Attendees were treated to a glimpse into the store of the future at nearly every turn. These sessions taught retailers how to embrace new technology and ideas, from cybersecurity initiatives to the cutting edge of IoT, to bring the future to their stores now.
Smart Is The New Sexy: How Aldo Powers Intelligent Journeys With Salesforce
Aldo Shoes is a 40-year-old company with a global reach, selling through 2,000 of its own stores in 100 countries as well as online and via department and specialty stores. Connecting directly with its customers requires making “everything intelligent,” and creating a “360-degree shopper view across sales, marketing and service,” according to CMO Erwin Hinteregger.
Hinteregger revealed how Salesforce has helped Aldo connect different data sources, including its web site, mobile site, call center and stores, enabling systems to see which products customers try on and bringing this information together into one database.
The impact of Aldo’s centralized data-gathering and personalization efforts include:
- A 70% jump in email revenues even with 40% fewer sends: “We don’t bombard the consumer, we’re going for relevancy rather than frequency,” said Hinteregger.
- Supercharged service, with 20% faster case resolutions; and
- An overall conversion increase of 131%.
Cyber Security For The Small Biz Experience
Ethan Steiger, VP, Information Security for Dominos talked about how local businesses are part of the fabric of the community. While people may feel secure shopping at these places, there is a dark side. SMBs typically spend less time and money on security, but the average cost a small business pays for a data breach ranges from
$36,000 to $50,000. Steiger maintains it is essential for SMBs to rethink their security strategies.
- Take a risk-based approach; invest in proactive protection against cyberattacks to detect, protect and respond;
- Cyber insurance forces you to have the right plans and documents in place;
- Limit employee access to data; and
- Get a security audit, prioritize the risks and heed its findings.
Exhibitor Insights: Inside The Store Of The Now
Chris Riegel, CEO of STRATACACHE, discussed how retailers can deploy scalable technologies that monetize and optimize shopper engagement within their stores. Riegel indicated that conversions increase 40% when customers use digital technology before and during the in-store shopping experience. Riegel also discussed:
- Case studies from McDonald’s (digital menus), AT&T (digital signage kiosks) and Luxottica (content acceleration appliances);
- How automated content publishers can assemble and distribute locally relevant content in real time; and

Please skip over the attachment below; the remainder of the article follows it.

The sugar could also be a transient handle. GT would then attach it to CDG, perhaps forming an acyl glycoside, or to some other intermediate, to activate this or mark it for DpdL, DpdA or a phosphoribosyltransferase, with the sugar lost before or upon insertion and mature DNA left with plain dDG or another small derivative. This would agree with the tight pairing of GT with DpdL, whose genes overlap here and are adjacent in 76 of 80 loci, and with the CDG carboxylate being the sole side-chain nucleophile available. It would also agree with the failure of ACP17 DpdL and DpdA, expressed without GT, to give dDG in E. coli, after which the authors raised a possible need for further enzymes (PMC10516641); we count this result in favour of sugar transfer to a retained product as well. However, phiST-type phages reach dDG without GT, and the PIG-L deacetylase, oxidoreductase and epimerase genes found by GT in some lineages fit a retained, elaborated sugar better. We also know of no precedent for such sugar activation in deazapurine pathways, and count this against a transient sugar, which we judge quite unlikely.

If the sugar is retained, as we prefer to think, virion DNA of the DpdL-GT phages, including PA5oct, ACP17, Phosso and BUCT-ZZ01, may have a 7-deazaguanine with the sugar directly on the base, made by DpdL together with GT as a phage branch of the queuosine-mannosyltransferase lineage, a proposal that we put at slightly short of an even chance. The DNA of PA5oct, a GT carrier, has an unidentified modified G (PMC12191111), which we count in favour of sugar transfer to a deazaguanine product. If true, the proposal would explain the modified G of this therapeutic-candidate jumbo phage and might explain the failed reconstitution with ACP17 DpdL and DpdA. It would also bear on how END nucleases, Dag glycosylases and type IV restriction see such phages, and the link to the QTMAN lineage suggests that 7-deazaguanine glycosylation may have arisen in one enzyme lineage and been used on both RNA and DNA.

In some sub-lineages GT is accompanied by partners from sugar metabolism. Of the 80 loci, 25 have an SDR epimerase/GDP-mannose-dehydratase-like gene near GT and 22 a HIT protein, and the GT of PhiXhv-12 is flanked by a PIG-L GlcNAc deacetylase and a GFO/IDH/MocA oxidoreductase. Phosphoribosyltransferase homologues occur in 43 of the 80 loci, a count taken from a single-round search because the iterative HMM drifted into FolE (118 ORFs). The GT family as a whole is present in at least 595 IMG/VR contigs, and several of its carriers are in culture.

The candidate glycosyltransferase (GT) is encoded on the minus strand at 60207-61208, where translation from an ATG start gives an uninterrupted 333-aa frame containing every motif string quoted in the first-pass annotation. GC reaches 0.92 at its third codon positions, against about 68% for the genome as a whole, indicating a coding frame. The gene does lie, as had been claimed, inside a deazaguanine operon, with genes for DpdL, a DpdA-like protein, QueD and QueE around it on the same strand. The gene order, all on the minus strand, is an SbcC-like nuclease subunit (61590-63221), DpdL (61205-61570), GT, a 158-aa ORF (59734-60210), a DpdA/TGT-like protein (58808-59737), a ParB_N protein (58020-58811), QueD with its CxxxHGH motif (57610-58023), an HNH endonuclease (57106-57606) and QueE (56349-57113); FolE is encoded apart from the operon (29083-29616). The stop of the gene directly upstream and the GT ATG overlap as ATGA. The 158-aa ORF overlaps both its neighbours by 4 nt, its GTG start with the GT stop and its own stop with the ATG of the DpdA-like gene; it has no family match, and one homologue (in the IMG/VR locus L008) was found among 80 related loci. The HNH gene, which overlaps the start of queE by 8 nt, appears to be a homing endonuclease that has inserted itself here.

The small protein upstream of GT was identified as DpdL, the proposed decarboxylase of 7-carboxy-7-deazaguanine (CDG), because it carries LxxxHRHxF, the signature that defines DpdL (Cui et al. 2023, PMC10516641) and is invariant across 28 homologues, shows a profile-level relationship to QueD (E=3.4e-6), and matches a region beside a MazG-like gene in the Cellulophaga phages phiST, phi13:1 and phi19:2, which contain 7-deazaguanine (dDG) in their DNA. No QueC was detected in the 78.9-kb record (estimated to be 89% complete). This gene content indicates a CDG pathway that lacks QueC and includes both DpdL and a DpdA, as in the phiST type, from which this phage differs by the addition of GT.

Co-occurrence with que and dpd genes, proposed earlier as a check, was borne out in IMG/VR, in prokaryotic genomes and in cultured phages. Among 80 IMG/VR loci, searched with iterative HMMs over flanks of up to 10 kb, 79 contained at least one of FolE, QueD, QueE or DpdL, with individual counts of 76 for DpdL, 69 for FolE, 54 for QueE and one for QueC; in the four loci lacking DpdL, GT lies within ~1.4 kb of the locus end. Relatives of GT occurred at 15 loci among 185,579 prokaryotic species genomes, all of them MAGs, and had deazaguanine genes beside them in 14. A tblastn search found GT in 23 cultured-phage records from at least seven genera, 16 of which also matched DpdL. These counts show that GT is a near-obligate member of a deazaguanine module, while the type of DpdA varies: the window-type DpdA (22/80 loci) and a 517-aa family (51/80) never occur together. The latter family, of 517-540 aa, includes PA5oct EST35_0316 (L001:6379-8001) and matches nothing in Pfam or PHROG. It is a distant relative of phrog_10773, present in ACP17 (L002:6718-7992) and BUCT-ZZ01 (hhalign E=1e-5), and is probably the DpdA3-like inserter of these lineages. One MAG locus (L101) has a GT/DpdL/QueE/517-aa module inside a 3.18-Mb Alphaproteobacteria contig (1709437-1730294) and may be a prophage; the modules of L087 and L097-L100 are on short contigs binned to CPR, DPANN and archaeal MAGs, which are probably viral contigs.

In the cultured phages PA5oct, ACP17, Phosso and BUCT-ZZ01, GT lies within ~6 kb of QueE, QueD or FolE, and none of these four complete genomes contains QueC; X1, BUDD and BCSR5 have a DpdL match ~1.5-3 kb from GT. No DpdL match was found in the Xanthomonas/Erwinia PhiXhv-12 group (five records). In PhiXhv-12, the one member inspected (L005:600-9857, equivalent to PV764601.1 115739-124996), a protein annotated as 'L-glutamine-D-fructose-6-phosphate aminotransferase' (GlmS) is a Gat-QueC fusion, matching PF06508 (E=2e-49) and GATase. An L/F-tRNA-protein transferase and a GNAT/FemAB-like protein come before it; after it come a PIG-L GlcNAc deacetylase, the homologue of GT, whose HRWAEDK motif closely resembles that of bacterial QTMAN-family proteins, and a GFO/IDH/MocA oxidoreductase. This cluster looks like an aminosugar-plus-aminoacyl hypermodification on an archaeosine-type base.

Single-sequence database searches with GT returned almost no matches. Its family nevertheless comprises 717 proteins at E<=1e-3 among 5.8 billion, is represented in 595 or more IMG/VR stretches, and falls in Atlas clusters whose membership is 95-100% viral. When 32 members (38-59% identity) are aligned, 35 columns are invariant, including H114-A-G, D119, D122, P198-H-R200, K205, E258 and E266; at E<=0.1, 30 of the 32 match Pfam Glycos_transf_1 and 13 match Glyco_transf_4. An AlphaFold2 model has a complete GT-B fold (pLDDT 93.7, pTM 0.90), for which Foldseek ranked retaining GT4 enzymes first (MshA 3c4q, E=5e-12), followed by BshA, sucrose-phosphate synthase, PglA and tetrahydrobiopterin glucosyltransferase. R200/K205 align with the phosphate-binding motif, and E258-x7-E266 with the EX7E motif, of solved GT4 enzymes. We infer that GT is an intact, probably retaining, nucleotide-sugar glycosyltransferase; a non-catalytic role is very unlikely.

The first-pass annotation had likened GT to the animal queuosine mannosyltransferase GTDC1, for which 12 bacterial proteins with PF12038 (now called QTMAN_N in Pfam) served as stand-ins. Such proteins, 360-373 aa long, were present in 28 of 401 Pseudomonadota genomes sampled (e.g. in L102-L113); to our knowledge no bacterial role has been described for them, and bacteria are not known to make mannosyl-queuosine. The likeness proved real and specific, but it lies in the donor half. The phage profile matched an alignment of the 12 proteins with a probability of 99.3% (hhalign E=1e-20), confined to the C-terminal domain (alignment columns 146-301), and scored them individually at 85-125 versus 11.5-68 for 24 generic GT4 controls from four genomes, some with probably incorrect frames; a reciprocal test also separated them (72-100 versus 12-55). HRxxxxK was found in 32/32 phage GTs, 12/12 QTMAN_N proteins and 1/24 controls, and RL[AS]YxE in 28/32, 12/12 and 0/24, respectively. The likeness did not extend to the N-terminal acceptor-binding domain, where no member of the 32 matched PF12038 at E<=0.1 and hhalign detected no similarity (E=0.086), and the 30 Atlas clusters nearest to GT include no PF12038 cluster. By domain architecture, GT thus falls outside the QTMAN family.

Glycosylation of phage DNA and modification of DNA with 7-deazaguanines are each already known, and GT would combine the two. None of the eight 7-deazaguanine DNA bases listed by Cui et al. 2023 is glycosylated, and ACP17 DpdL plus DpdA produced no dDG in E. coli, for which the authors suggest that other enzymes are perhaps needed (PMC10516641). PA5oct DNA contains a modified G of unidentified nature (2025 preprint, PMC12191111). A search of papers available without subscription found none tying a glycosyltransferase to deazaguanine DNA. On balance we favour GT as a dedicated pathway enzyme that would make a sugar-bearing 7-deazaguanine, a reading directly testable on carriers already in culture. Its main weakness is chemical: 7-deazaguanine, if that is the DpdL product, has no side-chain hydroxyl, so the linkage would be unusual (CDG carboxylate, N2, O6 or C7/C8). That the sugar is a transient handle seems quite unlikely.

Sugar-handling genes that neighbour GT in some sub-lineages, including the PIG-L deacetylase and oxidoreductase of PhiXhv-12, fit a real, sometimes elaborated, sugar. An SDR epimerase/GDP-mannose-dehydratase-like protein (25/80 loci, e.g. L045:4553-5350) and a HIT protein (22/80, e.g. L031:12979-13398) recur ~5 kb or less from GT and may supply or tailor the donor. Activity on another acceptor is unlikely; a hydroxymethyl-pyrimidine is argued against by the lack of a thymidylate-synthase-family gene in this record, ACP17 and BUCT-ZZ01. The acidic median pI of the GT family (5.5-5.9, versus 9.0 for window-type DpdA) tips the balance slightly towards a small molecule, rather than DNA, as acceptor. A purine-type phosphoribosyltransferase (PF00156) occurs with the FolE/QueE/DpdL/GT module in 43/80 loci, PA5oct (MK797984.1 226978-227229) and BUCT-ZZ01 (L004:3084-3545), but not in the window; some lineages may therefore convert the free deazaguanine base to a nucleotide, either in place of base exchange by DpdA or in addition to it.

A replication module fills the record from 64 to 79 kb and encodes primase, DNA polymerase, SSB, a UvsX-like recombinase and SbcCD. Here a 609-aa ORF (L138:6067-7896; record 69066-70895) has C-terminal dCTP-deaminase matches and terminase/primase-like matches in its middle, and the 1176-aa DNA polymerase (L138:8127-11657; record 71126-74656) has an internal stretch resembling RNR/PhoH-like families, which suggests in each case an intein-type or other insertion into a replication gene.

- How content acceleration engines can store local information to reduce download times, enabling costumers and associates to engage with content faster.
Enabling Smart Retail With IoT And Mobility
Abhinav Jawadekar, Sr. Director and IoT Solutions Architect of Harman Connected Services, and Stephen Vance, Director of Collaboration and Client Technologies BIG for Coca Cola, discussed how retail CIOs and IT leaders look to shift to the digital workplace by supporting workforce optimization, engagement, collaboration and security. They need to innovate faster and operate smarter by enabling a connected retail environment.
To keep pace with today’s consumers, retailers must:
- Automate and enable optimal customer experiences in stores;
- Optimize occupancy across all stores;
- Operate smarter with real-time information; and
- Innovate faster, optimizing inventory and operation costs.
Exhibitor Insights: RFID As A Key Enabler Of Omni-Channel Success
Three panelists discussed the impact of RFID on the consumer experience as well as the successful RFID adoption across the performance market. Jonathan Aitken, Director of IT, Store Tech Ops and Program Director of the RFID Program at lululemon athletica, revealed that RFID has played a massive role in optimizing omnichannel fulfillment. On a “bad week,” order cancellations reach 4%, but on a “good week,” this number drops to less than 1%.
Despite acknowledging the importance of inventory accuracy, Bill Hardgrave, PhD, Dean and Wells Fargo Professor at Auburn University, noted that retailers need to use RFID to better execute within stores and enable buy online/pick up in-store if they want to gain serious value from the technology.
Going Global: Taking Brands To New Markets
Darren Williams of T2 Tea, Arthur Grynbaum of Boticario Group and Meg Lustman from UK retailer Hobbs discussed the importance of understanding local customs, segmenting shopper needs and offering the promise of your brand when entering new international markets. Always be clear to all internal stakeholders about your core principles and values and above all, offer a good experience for shoppers to capture their attention.
- Don’t run before you can walk; be realistic about expectations and realize you may not make your domestic market turnover right away;
- Invest heavily in your digital platform; and
- Regional, local, even family owned businesses can be extremely competitive in international markets.
Move Over Globalization; Community Retail Has Arrived
Sophie Ross, Group Head of Multichannel, Hammerson, and Erika Serow, President and U.S. CEO, Sweaty Betty, discussed the concept of community retail. This third wave of globalization is challenging retailers to grow their international footprint at the same time as they create local customer relationships. Serow says that brands are global, but retail is local, and to think of profitability on a market level, not a shop level.
- Adapt to market conditions;
- Coordinate with brand campaigns;
- Find the local influencers; and
- Instill a frontline mentality.